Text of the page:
Fugitive police chief in Mexico arrested in case of 43 missing students

The 43 students from a rural teacher's college went missing in September 2014.

Story highlights

  • No shots were fired during the arrest
  • Former chief was visiting his spouse

(CNN)One of the "probable masterminds" of the disappearance of 43 Mexican students was arrested Friday morning after being on the lam for more than two years, according to Mexican officials.

The announcement was made by Mexico's National Security Commission via Twitter.
    "(We) have executed the arrest warrant against Felipe Flores, former Iguala police chief," the commission tweeted.
    The attorney general offered a reward of up to $2.5 million pesos (about $134,392 dollars) last year for any information that led to his capture.

    How the arrest happened

    Felipe Flores Velázquez was captured as he was visiting his spouse in Guerrero, the state where the students went missing in 2014, National Security Commissioner Renato Sales Heredia said at a news conference.
    Mexican federal authorities made the arrest in coordination with the attorney general's office, the country's navy and the Center of National Investigation and Security, an intelligence-gathering agency.
    No shots were fired.

    How did the students go missing?

    In November 2014, Mexico's then-Attorney General Jesus Murillo Karam said the 43 students were abducted on orders of local mayor Jose Luis Abarca .
    Authorities say he wanted to prevent the students from disrupting an event by his wife the night they went missing.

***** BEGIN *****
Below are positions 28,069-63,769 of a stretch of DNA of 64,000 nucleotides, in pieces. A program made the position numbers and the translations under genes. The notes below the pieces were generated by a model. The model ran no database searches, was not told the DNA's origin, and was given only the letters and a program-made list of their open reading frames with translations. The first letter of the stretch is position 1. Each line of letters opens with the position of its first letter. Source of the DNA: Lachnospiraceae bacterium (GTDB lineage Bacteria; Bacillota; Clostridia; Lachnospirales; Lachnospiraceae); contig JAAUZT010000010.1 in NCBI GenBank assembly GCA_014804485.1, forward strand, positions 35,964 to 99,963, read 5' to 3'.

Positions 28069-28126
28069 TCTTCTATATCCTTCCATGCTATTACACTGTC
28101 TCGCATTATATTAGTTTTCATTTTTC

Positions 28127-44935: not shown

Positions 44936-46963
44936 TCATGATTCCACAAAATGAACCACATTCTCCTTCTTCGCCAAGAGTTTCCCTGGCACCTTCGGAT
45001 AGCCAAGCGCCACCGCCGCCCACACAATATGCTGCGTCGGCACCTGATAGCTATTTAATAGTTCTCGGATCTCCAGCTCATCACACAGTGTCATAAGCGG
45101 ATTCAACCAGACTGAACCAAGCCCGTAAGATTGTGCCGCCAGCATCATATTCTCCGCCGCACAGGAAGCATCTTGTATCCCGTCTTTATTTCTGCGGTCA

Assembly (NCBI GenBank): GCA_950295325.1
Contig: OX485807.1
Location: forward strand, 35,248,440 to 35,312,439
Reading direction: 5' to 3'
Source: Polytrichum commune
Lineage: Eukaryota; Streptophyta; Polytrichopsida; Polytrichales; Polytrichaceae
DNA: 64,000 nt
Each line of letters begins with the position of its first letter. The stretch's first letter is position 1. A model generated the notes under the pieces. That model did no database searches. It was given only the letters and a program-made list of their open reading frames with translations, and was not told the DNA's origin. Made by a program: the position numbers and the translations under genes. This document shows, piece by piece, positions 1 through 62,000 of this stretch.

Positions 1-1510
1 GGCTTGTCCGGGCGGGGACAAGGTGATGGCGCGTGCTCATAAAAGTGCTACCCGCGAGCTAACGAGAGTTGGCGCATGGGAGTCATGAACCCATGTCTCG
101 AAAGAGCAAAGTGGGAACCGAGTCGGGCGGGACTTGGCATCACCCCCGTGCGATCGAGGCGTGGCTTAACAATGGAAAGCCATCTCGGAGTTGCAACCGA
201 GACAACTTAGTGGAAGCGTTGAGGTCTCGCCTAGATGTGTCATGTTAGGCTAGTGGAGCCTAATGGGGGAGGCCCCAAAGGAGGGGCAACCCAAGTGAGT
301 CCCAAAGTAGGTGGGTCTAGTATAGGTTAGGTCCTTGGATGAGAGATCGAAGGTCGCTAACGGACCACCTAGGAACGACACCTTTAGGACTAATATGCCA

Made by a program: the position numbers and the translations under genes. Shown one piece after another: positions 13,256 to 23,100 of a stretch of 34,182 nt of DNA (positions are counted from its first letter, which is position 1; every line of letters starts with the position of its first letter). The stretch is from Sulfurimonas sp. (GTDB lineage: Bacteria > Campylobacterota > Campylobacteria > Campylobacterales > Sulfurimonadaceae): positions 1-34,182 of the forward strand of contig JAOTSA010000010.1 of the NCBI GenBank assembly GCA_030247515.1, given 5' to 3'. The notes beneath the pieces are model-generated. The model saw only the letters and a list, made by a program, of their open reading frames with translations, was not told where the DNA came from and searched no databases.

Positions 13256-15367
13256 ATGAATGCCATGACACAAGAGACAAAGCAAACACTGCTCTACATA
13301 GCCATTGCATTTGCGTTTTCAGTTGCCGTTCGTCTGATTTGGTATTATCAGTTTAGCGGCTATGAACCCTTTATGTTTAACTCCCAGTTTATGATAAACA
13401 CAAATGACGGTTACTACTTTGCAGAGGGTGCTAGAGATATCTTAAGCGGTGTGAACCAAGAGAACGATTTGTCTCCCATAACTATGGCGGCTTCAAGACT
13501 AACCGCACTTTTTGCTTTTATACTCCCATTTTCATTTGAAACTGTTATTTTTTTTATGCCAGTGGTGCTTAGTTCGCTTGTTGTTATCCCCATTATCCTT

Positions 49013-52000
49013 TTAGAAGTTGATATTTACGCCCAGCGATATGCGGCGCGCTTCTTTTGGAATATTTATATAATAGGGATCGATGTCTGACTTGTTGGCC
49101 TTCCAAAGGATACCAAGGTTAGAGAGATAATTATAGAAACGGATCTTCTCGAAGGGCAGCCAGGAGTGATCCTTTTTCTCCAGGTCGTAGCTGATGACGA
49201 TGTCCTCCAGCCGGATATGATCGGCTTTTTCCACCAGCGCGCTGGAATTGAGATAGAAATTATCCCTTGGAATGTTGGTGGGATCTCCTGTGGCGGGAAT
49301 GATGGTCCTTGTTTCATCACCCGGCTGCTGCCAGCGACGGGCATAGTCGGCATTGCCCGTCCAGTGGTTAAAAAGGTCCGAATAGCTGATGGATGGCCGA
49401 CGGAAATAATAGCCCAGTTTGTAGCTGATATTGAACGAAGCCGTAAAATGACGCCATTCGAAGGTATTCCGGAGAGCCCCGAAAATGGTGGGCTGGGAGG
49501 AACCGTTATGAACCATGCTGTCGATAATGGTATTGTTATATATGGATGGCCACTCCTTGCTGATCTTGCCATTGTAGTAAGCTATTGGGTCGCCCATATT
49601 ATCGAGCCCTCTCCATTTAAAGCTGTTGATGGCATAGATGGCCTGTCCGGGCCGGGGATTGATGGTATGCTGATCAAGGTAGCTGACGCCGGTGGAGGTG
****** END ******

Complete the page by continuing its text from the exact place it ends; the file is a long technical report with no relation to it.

The mayor then turned the students over to a gang who killed them, burned their bodies in a landfill and tossed some their remains into a nearby river, Karam added.
    Tomás Zerón de Lucio, the head of Mexico's Criminal Investigations Agency, said two months later that the incident was a case of mistaken identity.
    He said the criminal group accused of executing the students thought they belonged to a rival gang, also operating around the city of Iguala where the students were last seen.
    "We can conclude that the motivation was consistent (with the theory that) the students were identified by the criminals as members of an organized crime rival group that operated in the region. That was the reason why they were deprived of their freedom, initially, and then of their lives," Zerón de Lucio said in early 2015.
    There is no indication that the mayor wanted all of the students dead, authorities said, but the gang mistook them for a rival group and executed them.

    What was the role of the former chief?

    Flores Vasquez helped protect city's police officers who were connected with the students' disappearance, authorities said.
    He also colluded with the city's mayor to persecute and attack the students and ordered local police to stop them from attending the protest.
    The former chief is being charged with organized crime and kidnapping, officials said Friday.
    Some 130 others have been arrested in connection with the case, Sales Heredia, added.